Patched ColdFusion Flaw Exposes Applications to Attack

Adobe pushed hotfixes to ColdFusion 11 and 10 installations addressing a XXE vulnerability that can be exploited processing OOXML documents.

An Adobe ColdFusion vulnerability addressed Tuesday in a hotfix pushed to users put applications developed on the platform at risk to a number of serious issues.

Researcher Dawid Golunski of Legal Hackers today revealed details on the flaw, which he privately disclosed to Adobe, as well as a proof-of-concept of the exploit.

Golunski said that ColdFusion 10 and 11 suffered from an XML External Entities (XXE) injection vulnerability, CVE-2016-4264, when processing certain types of Office Open XML documents. These functions, Golunski said, are used by web applications built in ColdFusion to open Word, Excel, PowerPoint and other document types that use XML structure.

“The vulnerability is caused by an unrestricted XML parser which allows for external XML entities processing when parsing such document,” Golunski wrote in his advisory. “Depending on the web application’s functionality and the attacker’s ability to supply a malicious document to be processed by a vulnerable ColdFusion application, this vulnerability may potentially be exploited by both low-privileged and unauthenticated remote attackers.”

An attacker can remotely exploit this vulnerability to read files stored on the ColdFusion server and on network shares, as well as list system directories and carry out server-side request forgery (SSRF) attacks and SMB relay attacks. SSRF attacks are carried out against systems behind the firewall that are not normally reachable from the outside. SMB relay attacks exploit issues in the SMB file-sharing protocol.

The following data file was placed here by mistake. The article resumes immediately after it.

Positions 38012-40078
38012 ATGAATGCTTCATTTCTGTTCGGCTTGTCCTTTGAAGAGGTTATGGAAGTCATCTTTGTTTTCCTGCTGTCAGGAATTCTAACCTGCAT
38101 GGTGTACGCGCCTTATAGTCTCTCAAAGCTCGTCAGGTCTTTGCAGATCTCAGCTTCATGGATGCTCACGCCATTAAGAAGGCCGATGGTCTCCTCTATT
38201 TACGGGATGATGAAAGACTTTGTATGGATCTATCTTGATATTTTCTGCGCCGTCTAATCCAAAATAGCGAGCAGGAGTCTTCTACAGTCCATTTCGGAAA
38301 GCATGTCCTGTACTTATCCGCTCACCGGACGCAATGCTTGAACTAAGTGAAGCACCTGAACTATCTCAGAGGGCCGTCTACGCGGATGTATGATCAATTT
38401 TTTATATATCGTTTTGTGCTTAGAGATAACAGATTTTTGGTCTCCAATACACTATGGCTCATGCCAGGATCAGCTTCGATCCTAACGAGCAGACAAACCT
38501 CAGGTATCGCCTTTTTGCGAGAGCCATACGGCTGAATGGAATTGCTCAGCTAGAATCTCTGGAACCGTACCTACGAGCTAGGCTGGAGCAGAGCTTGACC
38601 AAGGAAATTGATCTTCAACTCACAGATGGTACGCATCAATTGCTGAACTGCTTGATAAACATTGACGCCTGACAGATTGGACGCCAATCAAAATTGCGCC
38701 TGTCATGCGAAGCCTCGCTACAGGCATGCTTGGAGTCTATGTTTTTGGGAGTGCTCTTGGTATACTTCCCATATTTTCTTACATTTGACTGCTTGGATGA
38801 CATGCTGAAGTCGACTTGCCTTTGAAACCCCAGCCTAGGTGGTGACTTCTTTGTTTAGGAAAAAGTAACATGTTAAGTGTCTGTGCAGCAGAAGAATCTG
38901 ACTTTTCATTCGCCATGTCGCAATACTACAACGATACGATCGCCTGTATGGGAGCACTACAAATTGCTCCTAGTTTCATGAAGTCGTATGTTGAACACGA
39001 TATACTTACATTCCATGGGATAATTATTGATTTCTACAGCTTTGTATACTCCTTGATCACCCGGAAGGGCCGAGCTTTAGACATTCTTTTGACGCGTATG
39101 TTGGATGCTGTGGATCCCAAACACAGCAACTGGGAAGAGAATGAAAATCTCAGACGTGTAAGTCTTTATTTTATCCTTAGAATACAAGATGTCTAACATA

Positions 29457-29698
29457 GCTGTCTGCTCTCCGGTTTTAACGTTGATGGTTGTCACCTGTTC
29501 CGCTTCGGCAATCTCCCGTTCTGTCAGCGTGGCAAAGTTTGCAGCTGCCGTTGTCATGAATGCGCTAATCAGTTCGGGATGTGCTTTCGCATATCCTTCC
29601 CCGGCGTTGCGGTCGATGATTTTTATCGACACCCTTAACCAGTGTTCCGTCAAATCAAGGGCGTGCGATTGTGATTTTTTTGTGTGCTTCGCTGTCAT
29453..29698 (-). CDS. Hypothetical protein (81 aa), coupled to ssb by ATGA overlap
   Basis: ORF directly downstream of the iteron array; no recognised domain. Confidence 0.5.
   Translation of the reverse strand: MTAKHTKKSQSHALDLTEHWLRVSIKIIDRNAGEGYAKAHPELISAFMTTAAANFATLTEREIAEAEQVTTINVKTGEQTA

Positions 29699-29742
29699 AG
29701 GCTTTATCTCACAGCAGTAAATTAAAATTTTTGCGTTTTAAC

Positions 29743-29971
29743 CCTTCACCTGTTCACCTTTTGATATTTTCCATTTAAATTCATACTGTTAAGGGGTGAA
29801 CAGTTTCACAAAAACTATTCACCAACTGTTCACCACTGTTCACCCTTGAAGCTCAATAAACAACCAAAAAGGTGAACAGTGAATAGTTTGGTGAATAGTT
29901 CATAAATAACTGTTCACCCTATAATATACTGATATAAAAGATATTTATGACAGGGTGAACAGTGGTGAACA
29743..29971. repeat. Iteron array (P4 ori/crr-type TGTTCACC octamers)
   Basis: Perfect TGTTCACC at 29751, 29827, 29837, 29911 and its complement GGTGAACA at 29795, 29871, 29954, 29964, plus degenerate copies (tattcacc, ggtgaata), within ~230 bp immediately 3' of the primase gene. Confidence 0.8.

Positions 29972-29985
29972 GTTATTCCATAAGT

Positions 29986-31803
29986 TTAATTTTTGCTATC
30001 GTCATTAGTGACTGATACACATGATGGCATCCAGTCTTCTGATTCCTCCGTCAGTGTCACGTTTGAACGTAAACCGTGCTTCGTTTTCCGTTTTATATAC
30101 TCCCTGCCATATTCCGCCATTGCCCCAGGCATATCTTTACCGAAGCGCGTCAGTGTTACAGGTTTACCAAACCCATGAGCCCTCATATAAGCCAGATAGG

Golunski cautioned that attackers could also use this bug to read critical ColdFusion configuration files such as neo-security.xml,, and neo-datasource.xml, all of which store credential information, including the ColdFusion admin’s password salt and hash and database credentials. An attacker might also be able to access application source code and other sensitive system files, he said.

“Attackers who have gained access to password hashes could then proceed to crack them in order to gain unauthorized access to the databases and ColdFusion administrator panels to fully compromise the target,” Golunski said.

“The ability to read arbitrary files could, for example, let attackers read ColdFusion password hashes including the management console and database credentials,” he added. “This could allow unauthorized access to a weakly protected ColdFusion management interfaces and ultimately upload malicious code to compromise the server.”

Adobe rolled out hotfixes to ColdFusion 10 and 11 installations on Tuesday; unlike patches, hotfixes do not require system reboots. ColdFusion 11 Update 9 and earlier along with ColdFusion 10 Update 20 and earlier were affected, Adobe said. Adobe added that ColdFusion 2016 is not affected.

Users should ensure that ColdFusion 11 is current at Update 10, while ColdFusion 10 should be at Update 21.

ColdFusion has been targeted before by hackers, most notably in 2013 when attackers used a ColdFusion zero day to compromise web host Linode. Source code and customer data was accessed in that attack.

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